Skip to main content

Strategic planning graduated from mandatory monotony to mission-critical.

Law firms have more money at risk than ever — and the future is made up of bets and choices. These bets include markets, talents, changing demands of law firms by attorneys and clients — and the free-for-all developing as law firms poach each other’s partners.

Strategic plans were once a discussion among a few partners. Now, meticulous processes with a combination of facts, trends, experience, ideas, vision, and intuition drive the most successful plans. Some firms are there — others are getting there. And a few don’t care.

Patrick McKenna and I surveyed more than 200 law firm leaders to delineate the state of the art — and how to make it better. It’s a cornucopia of approaches, processes, and results.

Use it to pick from the best. Use it to position yourself to help. And use it to help drive outsized results.

You can find the link to download the full complimentary report at the end of the post. Here are the highlights:

15% of law firm leaders characterize their strategic planning as excellent — with another 11% describing it as good. This leaves 74% of law firms with sub-optimal strategic planning — and likely plans.

69% of law firm leaders indicate strategic planning is more important than ever or nearly so. They see the risks — and the rewards.

6.5% of leaders eschew plans and are opportunistic. They consider themselves agile and have keen instincts. This too is a strategic plan — to be opportunistic.

79% of law firm leaders indicate they have written strategic plans. But most don’t see them as excellent — leaving work to do and decisions to be made.

Only 34% of firms interviewed or surveyed a majority of their partners as part of the process. This dilutes engagement at all levels as they feel excluded. It also reduces interest in understanding the plan — never mind implementing it.

45% include client surveys and feedback in their strategic plan. More than half exclude a vital guidepost in spotting opportunities from the constituency with enormous influence on your results. Clients offer a broad view of needs and see strengths in law firms they rarely see in themselves.

68.2% of leaders use a consultant to help facilitate the planning process. Of these — only one-third reported successfully implementing all of their plans. A good consultant will help — a mediocre consultant or less will hurt.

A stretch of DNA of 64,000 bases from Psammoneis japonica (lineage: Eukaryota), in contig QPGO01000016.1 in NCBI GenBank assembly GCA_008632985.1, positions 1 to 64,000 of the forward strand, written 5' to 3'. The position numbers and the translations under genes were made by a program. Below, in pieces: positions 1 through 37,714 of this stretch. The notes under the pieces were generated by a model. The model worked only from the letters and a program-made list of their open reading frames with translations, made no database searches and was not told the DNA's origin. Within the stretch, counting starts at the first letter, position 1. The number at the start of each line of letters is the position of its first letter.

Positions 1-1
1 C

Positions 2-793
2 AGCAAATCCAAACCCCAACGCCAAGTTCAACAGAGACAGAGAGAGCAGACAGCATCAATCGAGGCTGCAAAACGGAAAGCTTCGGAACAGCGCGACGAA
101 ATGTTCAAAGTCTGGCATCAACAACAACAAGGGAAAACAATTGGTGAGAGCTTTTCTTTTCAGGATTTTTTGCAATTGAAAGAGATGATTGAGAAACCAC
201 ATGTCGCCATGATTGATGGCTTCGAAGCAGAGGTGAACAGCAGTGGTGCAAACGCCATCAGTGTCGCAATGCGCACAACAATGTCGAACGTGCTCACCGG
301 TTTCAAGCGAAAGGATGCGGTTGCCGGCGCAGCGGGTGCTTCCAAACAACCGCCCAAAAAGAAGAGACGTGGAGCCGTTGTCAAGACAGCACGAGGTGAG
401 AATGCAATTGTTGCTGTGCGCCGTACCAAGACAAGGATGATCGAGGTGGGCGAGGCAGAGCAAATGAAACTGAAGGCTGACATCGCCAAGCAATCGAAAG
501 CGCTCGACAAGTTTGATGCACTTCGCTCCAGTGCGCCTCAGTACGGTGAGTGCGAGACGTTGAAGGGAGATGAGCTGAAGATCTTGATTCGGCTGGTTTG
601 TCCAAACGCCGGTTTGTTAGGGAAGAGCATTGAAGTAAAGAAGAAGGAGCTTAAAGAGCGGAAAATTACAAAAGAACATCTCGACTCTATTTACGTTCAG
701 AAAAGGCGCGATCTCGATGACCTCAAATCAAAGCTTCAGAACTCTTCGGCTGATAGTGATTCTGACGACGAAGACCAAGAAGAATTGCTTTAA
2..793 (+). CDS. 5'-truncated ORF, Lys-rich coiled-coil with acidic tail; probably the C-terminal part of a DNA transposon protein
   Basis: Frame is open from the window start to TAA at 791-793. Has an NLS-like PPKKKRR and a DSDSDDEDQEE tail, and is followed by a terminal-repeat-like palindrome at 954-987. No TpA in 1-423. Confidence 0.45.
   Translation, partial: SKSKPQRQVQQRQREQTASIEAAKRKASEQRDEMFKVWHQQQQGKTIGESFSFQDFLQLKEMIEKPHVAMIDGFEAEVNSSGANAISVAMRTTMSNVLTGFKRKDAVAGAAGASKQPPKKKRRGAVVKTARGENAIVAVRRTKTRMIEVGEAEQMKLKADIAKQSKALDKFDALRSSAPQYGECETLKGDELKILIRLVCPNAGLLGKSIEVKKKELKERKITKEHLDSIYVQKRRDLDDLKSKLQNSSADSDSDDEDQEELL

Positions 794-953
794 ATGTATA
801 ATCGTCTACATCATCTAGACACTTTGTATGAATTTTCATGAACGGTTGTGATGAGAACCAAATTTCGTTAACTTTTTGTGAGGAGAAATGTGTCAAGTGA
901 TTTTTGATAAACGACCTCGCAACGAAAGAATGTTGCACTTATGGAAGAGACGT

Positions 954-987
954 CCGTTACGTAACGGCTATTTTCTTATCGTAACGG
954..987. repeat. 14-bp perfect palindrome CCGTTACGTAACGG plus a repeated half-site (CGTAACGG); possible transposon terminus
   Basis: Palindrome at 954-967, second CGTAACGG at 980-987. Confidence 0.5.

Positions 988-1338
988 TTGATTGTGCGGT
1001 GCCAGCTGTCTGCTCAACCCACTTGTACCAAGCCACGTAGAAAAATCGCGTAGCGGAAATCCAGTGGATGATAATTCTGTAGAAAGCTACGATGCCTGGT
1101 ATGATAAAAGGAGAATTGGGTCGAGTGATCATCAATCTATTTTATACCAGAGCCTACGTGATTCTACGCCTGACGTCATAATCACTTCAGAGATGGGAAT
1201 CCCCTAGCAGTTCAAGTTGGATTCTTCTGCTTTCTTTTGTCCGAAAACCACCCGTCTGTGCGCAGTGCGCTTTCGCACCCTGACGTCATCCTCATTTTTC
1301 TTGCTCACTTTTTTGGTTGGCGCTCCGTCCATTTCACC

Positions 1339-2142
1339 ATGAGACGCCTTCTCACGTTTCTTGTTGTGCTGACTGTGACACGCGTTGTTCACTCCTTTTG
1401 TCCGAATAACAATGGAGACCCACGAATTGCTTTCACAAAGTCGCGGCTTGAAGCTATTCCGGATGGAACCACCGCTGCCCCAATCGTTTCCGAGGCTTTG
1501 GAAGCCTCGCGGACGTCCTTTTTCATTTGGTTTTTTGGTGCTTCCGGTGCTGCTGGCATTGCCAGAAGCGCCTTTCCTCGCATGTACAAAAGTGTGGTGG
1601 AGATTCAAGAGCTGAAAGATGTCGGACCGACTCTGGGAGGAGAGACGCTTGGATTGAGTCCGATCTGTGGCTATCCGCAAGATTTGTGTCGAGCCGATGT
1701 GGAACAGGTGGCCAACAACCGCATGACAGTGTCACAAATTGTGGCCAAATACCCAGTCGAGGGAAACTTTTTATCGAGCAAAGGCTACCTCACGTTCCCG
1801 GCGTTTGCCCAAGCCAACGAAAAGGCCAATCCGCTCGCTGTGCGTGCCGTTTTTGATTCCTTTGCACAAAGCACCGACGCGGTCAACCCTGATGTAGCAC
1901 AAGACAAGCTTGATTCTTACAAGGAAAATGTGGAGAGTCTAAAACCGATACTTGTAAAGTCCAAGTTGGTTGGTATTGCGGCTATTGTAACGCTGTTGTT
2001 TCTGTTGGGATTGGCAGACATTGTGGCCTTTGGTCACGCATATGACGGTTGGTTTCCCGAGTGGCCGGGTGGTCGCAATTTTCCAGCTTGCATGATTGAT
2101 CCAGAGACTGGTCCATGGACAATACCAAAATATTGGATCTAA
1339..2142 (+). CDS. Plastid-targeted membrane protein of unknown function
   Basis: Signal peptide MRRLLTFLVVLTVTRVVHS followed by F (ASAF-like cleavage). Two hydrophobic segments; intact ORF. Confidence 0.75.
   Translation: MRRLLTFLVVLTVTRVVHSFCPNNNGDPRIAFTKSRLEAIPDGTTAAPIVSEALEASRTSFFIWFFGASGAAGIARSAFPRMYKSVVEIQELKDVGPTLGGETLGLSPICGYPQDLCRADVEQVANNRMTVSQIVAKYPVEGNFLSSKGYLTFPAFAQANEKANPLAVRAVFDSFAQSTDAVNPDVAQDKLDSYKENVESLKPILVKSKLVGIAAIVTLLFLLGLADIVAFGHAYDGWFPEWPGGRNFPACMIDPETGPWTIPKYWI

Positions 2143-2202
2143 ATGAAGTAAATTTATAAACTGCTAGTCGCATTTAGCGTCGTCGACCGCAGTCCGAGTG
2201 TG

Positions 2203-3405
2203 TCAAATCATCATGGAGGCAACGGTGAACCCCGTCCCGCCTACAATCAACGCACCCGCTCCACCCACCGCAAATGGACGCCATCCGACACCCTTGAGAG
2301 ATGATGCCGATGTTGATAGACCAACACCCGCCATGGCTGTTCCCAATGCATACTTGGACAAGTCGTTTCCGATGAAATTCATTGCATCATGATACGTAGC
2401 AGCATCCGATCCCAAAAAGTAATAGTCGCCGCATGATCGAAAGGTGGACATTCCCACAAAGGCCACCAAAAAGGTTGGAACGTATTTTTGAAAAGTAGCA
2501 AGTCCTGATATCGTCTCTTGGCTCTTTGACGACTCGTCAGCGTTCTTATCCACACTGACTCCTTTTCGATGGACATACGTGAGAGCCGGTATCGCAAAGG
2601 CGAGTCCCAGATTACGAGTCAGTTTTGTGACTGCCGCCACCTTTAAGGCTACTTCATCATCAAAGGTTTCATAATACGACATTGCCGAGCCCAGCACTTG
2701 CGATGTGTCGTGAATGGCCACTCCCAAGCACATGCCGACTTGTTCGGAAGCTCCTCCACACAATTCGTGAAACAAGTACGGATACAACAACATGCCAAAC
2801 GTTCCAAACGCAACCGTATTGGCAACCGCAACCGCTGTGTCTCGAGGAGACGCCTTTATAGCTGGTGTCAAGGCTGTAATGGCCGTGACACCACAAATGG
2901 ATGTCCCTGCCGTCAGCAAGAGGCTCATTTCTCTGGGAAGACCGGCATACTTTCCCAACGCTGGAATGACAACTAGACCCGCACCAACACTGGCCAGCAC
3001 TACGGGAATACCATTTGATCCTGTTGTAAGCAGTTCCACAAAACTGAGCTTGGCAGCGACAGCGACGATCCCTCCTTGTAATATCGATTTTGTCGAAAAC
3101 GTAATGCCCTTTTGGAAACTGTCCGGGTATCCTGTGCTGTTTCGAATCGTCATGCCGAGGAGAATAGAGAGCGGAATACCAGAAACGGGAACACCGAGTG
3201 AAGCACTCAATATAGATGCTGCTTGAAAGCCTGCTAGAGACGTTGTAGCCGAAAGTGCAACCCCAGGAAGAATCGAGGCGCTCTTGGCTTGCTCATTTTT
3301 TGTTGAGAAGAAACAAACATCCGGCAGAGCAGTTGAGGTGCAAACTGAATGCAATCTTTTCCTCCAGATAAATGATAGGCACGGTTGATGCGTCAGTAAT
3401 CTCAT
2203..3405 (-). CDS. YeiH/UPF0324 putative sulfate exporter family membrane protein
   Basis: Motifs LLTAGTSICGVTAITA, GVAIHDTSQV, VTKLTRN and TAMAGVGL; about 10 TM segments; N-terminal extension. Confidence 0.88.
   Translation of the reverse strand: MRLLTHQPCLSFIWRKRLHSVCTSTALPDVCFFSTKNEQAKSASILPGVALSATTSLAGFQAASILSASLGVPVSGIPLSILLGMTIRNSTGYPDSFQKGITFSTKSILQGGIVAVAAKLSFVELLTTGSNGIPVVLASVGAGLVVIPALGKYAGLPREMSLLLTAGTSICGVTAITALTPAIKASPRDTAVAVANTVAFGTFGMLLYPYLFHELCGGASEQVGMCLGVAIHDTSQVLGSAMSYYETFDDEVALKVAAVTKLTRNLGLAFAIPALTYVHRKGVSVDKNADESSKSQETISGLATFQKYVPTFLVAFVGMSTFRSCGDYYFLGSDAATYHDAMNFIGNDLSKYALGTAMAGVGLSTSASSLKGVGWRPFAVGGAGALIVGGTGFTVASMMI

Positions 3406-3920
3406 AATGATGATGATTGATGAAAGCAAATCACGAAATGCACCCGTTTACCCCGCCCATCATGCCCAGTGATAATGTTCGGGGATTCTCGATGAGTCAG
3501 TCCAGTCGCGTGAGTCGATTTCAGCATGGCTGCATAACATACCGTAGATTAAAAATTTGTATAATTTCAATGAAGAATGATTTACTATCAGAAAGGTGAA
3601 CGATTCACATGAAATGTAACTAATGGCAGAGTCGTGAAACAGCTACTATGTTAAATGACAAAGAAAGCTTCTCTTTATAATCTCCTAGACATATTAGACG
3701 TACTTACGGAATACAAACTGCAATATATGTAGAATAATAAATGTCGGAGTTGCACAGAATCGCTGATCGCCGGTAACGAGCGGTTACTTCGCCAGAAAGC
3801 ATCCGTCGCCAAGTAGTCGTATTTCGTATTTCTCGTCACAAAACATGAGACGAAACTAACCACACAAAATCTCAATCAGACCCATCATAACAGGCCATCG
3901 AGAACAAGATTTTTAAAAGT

Leaders with internally focused plans are 20% less satisfied with their plans. These leaders intuitively sense how an external focus brings new insights. They also add energy and enthusiasm as it delineates more opportunities for attorneys.

35% of firms formed a dedicated committee to develop the strategic plan. These committees hold each accountable for bringing in the right facts at the right time. They add structure and accountability to the process.

Larger firms have more targeted goals and plans. 44.2% of firms described their plans as brief and targeted — this drops to 12.5% for firms with less than 500 attorneys. Brief and targeted beats broad and all-inclusive.

18.6% of leaders indicate they implement almost all of their plans. So many firms see their plans lying on a shelf or server somewhere. Implementation demands more resources than planning — with specific accountability for implementations — most often a key missing link.

Law firms can improve their strategic planning process — and develop more compelling plans — by embracing the following processes:

Avoid negotiated strategic plans

Law firms report the strategic plan is effectively a result of the ability of certain practice leaders to negotiate for their interest or goal — adding facts from clients and partners will help ground truth the plan — and eliminate negotiated strategies.

Add client input 3 advantages

Clients have a broad view of their needs and how they will change — in addition, 70% of law firms don’t match client perception — alignment is one key to success. And — they help eliminate negotiated strategic plans.

Add attorney input

It’s worth it for the one insightful new idea — and it will come from a place you least likely expect. You will also boost overall attorney engagement.

Lay out the process for all

Let everyone in the firm know what is happening and when. This knowledge boosts engagement and creates energy around strategic thinking. It also establishes a form of accountability to the firm for completion and implementation.

Short beats long

Take the time to make it brief and targeted. It takes more work and may demand more decision making — but it drives success.

Embrace alternative and nontraditional views

New market opportunities are arising that only associates know about. New regulations are creating counterintuitive opportunities. Talent retention demands new strategies not typically used in law firms. The pivotal insights and facts may lie outside the current field of vision. Multiple and alternative viewpoints — harnessed with positive energy — are one of the most powerful tools to make all this change work for you.

Attorneys love an intellectual challenge. It lies before you in the form of strategic planning. The firms upping their strategic planning process are the most likely to emerge as the next market leaders — and they will enjoy better retention as few things attract high-performing attorneys more than success — ditto for clients.

You can download a complimentary copy of the full report Dissecting the Processes of Law Firm Strategic Planning here.

Best in the market ahead.


Forwarded to you? Get your own copy every week! Subscribe below. 

Stay ahead of the market with BTI's latest research